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Benny Gantz, leader of the Blue and White party, gives a statement after voting, in Rosh Haayin, Israel, on Tuesday, Sept. 17, 2109. Israel heads into Tuesday’s election do-over a fiercely divided nation, with no definitive sign whether Prime Minister Benjamin Netanyahu will retain his grip on power. Photographer: Kobi Wolf/BloombergBenny Gantz Image Credit: Bloomberg

The Hague- A Dutch Palestinian who lost six relatives during a 2014 bombing of Gaza sought compensation on Tuesday from former Israeli occupation forces chief Benny Gantz, who is contesting a tight election against Prime Minister Benjamin Netanyahu.

With voting underway in Israel where Gantz and Netanyahu’s parties have been neck-and-neck, Esmail Ziada invoked “universal jurisdiction” laws in a request for a Netherlands court to hear a civil suit against the ex-military head for war crimes.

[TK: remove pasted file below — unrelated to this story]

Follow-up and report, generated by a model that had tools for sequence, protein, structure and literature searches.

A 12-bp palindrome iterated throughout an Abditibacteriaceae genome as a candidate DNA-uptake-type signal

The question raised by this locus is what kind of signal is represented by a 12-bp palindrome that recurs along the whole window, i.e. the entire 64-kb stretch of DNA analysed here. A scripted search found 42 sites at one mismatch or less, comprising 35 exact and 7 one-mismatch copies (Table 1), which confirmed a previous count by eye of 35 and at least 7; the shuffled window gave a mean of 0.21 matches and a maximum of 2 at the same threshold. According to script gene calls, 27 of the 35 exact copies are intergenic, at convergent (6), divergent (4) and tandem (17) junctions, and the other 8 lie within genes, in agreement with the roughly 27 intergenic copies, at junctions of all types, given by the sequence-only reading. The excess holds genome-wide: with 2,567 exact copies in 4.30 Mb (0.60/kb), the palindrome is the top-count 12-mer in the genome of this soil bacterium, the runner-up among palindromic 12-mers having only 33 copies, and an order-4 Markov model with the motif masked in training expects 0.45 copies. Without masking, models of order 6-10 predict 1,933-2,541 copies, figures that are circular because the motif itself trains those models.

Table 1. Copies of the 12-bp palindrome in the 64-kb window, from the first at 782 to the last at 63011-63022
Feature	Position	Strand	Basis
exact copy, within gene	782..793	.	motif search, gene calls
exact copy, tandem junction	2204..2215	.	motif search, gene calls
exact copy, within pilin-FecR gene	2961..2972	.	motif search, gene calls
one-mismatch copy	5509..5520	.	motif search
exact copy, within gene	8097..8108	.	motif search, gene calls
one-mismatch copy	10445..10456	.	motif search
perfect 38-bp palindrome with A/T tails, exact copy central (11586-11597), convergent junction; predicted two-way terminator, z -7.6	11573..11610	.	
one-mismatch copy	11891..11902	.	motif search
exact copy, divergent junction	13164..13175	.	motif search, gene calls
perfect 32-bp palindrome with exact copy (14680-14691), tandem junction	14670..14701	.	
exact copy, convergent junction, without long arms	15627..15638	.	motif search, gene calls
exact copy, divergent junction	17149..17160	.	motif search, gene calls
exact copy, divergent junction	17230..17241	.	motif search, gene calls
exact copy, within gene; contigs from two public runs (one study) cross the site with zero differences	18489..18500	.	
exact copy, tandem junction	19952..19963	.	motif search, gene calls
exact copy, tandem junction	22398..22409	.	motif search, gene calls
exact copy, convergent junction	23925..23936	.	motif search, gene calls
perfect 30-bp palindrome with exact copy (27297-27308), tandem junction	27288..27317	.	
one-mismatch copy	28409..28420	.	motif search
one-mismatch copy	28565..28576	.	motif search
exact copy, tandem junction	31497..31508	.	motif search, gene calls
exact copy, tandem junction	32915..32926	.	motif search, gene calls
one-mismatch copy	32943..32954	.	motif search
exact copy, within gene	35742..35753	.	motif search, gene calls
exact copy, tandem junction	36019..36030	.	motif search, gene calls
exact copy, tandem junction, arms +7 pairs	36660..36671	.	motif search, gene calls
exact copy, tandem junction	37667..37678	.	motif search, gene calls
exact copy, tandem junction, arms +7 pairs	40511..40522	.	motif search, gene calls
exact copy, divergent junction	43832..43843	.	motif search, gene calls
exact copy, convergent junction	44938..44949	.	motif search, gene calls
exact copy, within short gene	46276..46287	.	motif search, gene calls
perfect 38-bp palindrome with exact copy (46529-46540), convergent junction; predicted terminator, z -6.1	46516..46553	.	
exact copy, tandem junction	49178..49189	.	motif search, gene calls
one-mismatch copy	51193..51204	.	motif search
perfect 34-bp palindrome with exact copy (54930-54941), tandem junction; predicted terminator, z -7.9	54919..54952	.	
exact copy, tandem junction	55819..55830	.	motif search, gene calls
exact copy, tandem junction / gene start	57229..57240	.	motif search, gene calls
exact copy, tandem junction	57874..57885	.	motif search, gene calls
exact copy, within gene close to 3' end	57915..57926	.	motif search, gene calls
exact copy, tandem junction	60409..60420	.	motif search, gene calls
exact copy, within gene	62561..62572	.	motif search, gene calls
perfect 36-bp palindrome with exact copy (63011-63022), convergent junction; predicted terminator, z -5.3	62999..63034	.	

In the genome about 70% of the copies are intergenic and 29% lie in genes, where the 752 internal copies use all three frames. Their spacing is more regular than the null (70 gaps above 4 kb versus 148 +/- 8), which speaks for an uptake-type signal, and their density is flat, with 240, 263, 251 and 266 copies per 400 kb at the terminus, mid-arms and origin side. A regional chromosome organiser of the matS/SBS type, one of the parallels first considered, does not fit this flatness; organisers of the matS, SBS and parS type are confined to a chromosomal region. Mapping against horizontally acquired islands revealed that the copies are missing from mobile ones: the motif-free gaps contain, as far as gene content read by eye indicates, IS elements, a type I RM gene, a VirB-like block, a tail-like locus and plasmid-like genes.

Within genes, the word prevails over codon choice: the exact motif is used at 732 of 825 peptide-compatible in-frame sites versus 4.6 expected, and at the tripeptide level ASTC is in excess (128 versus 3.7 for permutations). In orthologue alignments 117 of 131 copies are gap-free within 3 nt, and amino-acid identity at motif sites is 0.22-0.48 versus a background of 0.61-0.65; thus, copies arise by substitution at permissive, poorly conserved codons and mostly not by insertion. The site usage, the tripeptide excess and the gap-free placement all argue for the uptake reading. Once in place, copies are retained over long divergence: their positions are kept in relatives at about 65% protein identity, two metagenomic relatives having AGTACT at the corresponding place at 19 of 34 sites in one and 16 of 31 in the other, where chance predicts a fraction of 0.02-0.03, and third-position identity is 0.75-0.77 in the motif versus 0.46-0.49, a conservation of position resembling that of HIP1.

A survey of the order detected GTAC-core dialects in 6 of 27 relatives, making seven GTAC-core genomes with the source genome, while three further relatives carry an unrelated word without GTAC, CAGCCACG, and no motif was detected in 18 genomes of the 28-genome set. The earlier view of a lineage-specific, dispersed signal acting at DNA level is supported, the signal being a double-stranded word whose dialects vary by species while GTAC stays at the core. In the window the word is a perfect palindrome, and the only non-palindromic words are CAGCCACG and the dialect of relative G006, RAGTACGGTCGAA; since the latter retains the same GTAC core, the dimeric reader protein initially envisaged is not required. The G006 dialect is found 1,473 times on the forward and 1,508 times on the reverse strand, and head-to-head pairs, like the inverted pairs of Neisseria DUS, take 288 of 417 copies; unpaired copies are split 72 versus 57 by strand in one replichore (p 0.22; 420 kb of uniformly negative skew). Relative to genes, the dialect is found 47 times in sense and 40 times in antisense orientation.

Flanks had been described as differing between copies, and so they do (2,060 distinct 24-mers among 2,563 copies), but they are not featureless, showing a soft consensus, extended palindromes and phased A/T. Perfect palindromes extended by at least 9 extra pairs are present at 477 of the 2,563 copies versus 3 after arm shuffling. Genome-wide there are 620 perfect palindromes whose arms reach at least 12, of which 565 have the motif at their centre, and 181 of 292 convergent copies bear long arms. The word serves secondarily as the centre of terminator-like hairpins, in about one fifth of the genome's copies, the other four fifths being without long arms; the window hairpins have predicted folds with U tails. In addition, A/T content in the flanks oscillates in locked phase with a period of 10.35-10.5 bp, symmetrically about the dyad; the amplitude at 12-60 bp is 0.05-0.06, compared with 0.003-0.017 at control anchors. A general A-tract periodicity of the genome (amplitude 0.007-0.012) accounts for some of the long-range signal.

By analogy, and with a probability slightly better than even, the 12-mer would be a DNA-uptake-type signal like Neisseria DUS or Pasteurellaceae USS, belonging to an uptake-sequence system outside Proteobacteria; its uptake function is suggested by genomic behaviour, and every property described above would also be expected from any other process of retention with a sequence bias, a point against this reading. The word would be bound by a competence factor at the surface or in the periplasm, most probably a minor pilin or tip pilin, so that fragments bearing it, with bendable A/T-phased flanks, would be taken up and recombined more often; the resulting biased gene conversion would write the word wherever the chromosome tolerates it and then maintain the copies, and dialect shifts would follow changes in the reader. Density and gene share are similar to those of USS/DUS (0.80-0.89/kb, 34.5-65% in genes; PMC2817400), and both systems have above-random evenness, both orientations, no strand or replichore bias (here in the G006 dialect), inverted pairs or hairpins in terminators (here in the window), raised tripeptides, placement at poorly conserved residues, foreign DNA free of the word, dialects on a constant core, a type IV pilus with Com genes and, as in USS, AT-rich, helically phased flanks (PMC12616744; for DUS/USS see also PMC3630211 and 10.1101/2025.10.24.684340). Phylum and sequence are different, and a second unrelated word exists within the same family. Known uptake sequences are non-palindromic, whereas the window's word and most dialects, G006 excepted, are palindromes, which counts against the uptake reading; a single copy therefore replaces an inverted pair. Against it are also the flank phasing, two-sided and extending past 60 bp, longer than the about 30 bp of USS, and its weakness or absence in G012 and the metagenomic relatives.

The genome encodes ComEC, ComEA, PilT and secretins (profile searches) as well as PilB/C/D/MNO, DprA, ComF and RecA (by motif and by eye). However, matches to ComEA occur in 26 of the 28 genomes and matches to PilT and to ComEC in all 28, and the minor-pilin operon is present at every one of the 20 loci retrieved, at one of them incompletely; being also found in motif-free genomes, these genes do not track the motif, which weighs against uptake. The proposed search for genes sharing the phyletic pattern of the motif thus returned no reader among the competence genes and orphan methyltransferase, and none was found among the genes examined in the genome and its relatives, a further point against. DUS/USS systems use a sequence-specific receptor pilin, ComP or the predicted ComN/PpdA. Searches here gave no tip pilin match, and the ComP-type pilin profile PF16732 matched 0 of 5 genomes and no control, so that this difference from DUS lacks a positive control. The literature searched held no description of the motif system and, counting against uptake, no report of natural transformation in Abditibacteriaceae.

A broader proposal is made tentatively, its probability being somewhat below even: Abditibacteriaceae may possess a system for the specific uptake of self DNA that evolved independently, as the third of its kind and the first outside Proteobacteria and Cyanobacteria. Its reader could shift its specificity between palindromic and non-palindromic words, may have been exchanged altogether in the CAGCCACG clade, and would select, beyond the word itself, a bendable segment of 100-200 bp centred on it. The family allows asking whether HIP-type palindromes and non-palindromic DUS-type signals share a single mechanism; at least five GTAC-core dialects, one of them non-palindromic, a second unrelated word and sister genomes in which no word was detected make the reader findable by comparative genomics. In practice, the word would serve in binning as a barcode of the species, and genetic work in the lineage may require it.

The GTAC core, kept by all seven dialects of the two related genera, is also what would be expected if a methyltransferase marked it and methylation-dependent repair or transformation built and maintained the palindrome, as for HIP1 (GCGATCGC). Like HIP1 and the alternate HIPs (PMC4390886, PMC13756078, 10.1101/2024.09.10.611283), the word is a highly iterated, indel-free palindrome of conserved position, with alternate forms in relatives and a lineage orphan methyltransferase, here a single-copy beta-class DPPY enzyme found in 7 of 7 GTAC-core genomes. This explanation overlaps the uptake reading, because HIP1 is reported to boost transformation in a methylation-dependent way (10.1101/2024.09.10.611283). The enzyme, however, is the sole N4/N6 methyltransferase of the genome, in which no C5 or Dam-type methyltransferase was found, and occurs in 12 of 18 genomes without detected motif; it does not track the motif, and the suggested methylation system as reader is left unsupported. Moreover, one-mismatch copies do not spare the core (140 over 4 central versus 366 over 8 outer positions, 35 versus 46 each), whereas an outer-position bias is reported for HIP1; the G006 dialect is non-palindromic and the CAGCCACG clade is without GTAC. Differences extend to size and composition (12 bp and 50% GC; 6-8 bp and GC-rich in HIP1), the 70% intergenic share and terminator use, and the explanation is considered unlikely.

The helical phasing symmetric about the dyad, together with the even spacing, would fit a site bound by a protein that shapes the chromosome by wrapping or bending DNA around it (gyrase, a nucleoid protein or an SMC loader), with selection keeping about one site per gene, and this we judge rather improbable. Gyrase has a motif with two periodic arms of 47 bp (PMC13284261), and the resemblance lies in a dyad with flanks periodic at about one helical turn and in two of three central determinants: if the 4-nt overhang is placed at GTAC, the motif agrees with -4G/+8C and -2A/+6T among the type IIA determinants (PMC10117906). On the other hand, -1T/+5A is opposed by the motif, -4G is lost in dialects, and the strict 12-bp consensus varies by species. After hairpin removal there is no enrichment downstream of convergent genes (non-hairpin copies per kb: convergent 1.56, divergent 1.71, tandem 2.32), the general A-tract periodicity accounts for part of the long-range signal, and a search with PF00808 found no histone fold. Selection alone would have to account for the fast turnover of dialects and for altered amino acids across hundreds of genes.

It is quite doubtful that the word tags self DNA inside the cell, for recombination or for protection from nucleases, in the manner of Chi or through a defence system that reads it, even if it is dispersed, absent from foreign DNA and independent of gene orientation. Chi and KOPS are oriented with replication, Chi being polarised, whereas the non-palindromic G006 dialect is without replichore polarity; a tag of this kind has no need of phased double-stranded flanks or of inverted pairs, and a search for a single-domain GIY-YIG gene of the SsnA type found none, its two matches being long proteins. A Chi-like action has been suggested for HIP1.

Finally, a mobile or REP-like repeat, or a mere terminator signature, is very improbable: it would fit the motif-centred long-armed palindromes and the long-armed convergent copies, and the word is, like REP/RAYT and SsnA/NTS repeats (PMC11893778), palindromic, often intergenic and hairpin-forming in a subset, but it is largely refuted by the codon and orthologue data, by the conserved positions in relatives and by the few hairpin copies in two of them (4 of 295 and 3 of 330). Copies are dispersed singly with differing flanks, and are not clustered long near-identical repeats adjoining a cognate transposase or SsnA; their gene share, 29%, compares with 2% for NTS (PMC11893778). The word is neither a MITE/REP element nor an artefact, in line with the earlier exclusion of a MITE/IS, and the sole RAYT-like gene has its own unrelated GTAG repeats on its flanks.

Ziada wants compensation of 600,000 euros ($660,000) for the deaths of his mother, three brothers, sister-in-law and nephew when the family’s home in the al-Bureij refugee camp was bombed by forces under Gantz’s command.

“I struggle to stand in front of you today to gain justice and accountability,” Ziada told Dutch judges, referring to the “unspeakable tragedy” that befell his family.

Thom Dieben, a lawyer on behalf of Gantz and his co-defendant, former Israeli air force chief Amir Eshel, told the court the case should be dismissed because it violated state sovereignty rules and Dutch courts do not have jurisdiction.

The bombing of the Ziadi residence occurred during a seven-week war in which, according to Gaza health officials, 2,100 Palestinians, mostly civilians, were killed.

Israel put the number of its dead at 67 soldiers and six civilians, and said its forces exercised restraint while confronting militants in densely populated areas.

Codified under the 1949 Geneva Conventions, universal jurisdiction allows domestic courts to prosecute individuals for serious crimes that did not take place on their territory or were committed by their nationals.

However, prior attempts to prosecute Israeli officials under universal jurisdiction have failed.